Census Bureau plan to cut questions from survey puzzles experts
A Census Bureau proposal to cut seven questions from the American Community Survey would make the United States the only industrialized country without annual information on marriage and divorce rates, a demographics expert said.
“That’s just crazy,” said Steven Ruggles, professor of history and population studies at the University of Minnesota.
Five of the seven questions up for elimination deal with marital status, data that can be important in determining government benefits or identifying societal trends. A sixth question asks college graduates in what field they earned a degree.
Eliminating the college degree question could cost taxpayers millions of dollars, said Norman M. Bradburn, a senior fellow at NORC, an independent research organization at the University of Chicago. That’s because the National Science Foundation uses the information to meet a congressional mandate.
“It would cost the taxpayer a lot of money to take it out,” he said. “It wouldn’t save the Census Bureau any money.”
Neither expert could think of a reason to keep the seventh question, which deals with home-based businesses.
No one from the bureau was available for comment, and the agency responded to the Tribune-Review’s emailed questions by providing links to the Federal Register Notice and other documents describing the process it used to propose eliminating certain questions.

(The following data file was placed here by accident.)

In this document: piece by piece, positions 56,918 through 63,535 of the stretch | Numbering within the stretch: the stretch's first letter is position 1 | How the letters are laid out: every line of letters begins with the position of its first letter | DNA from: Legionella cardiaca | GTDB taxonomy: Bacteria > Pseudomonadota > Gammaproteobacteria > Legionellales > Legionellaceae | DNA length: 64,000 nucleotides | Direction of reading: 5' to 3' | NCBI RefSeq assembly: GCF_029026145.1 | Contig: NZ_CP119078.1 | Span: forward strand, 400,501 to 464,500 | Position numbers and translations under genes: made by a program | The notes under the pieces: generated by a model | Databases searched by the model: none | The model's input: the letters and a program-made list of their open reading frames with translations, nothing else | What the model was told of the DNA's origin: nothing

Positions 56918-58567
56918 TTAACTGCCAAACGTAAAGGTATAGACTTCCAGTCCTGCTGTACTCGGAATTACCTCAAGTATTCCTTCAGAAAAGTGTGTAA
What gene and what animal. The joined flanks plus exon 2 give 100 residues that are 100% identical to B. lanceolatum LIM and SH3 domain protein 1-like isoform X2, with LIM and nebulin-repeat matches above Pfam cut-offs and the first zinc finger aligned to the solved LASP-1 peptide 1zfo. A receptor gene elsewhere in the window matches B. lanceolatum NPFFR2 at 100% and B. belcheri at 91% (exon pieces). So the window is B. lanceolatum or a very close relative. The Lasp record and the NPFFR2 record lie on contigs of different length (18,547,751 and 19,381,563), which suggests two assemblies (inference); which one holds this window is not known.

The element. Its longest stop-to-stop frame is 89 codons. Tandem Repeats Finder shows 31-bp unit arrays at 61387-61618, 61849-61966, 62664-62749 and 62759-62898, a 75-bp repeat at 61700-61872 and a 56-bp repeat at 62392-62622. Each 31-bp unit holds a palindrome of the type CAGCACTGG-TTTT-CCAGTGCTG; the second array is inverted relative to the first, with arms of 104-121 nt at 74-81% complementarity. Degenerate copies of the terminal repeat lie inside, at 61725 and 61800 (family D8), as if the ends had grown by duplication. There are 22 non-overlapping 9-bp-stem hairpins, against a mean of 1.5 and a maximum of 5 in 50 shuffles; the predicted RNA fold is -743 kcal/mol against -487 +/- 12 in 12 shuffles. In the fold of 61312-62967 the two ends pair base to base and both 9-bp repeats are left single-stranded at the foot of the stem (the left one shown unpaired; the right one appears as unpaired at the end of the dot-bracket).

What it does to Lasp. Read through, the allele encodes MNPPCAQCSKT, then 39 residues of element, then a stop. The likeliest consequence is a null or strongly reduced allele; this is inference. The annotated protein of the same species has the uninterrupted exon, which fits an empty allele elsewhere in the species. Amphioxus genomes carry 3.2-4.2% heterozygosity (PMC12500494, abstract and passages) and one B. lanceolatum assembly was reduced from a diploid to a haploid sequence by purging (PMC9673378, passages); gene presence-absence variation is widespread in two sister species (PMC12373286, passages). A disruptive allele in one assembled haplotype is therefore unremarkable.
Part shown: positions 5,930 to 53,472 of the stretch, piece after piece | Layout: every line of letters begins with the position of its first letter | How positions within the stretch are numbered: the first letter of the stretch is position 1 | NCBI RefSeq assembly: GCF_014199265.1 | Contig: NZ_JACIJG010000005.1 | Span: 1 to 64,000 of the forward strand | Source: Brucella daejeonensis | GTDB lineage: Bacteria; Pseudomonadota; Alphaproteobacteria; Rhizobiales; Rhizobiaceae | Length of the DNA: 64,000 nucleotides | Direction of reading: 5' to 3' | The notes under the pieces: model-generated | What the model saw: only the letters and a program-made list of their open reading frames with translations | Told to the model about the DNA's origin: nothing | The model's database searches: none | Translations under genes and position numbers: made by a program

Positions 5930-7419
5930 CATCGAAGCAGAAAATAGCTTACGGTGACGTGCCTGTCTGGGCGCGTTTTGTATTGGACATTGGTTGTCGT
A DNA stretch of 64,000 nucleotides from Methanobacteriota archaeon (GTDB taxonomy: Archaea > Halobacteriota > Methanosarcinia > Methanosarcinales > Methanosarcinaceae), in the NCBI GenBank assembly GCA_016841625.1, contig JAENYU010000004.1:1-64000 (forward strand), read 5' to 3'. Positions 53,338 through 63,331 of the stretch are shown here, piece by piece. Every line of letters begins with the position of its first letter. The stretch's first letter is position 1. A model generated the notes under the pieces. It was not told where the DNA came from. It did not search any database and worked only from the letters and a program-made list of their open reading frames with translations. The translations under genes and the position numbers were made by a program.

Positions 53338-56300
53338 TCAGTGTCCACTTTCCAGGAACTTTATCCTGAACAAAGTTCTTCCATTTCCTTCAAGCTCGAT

The bureau conducted a review to determine how it could reduce the amount of time and effort people spend answering the questionnaire, yet still provide data required by federal law. Though the review determined the seven questions were “low cost” in terms of the burden they placed on people answering them, it found that they were of “low benefit” in terms of using the answers.
Before it can drop the questions, the bureau needs approval from the Office of Management and Budget.
The bureau sends the 72-question survey to more than 250,000 households a month, or about 3.5 million annually. Twenty-four of the questions are about housing; the others address the people living in that housing.
Federal agencies use the responses to determine how the government distributes more than $400 billion. Academics and private companies use the data for everything from tracking societal trends to deciding where to build facilities.
The bureau’s proposal is drawing little notice among city or county agencies. Officials in Pittsburgh and Allegheny County were hard-pressed to find an entity that would miss the data.
Although Chris Briem, regional economist at the University of Pittsburgh’s Center for Social and Urban Research, said he probably could do some “neat stuff” with the numbers, he can’t recall ever using them.
The lack of local government use was a main factor in the bureau’s analysis of which questions to cut, the bureau said in its review.
Ruggles and Bradburn said the focus on small geographies such as neighborhoods and cities misses the big picture on the marriage and college degree questions.
Neither is useful on a local level because the number of people marrying or divorcing in a given year, or the number with degrees in physics, is too small to capture below the state level.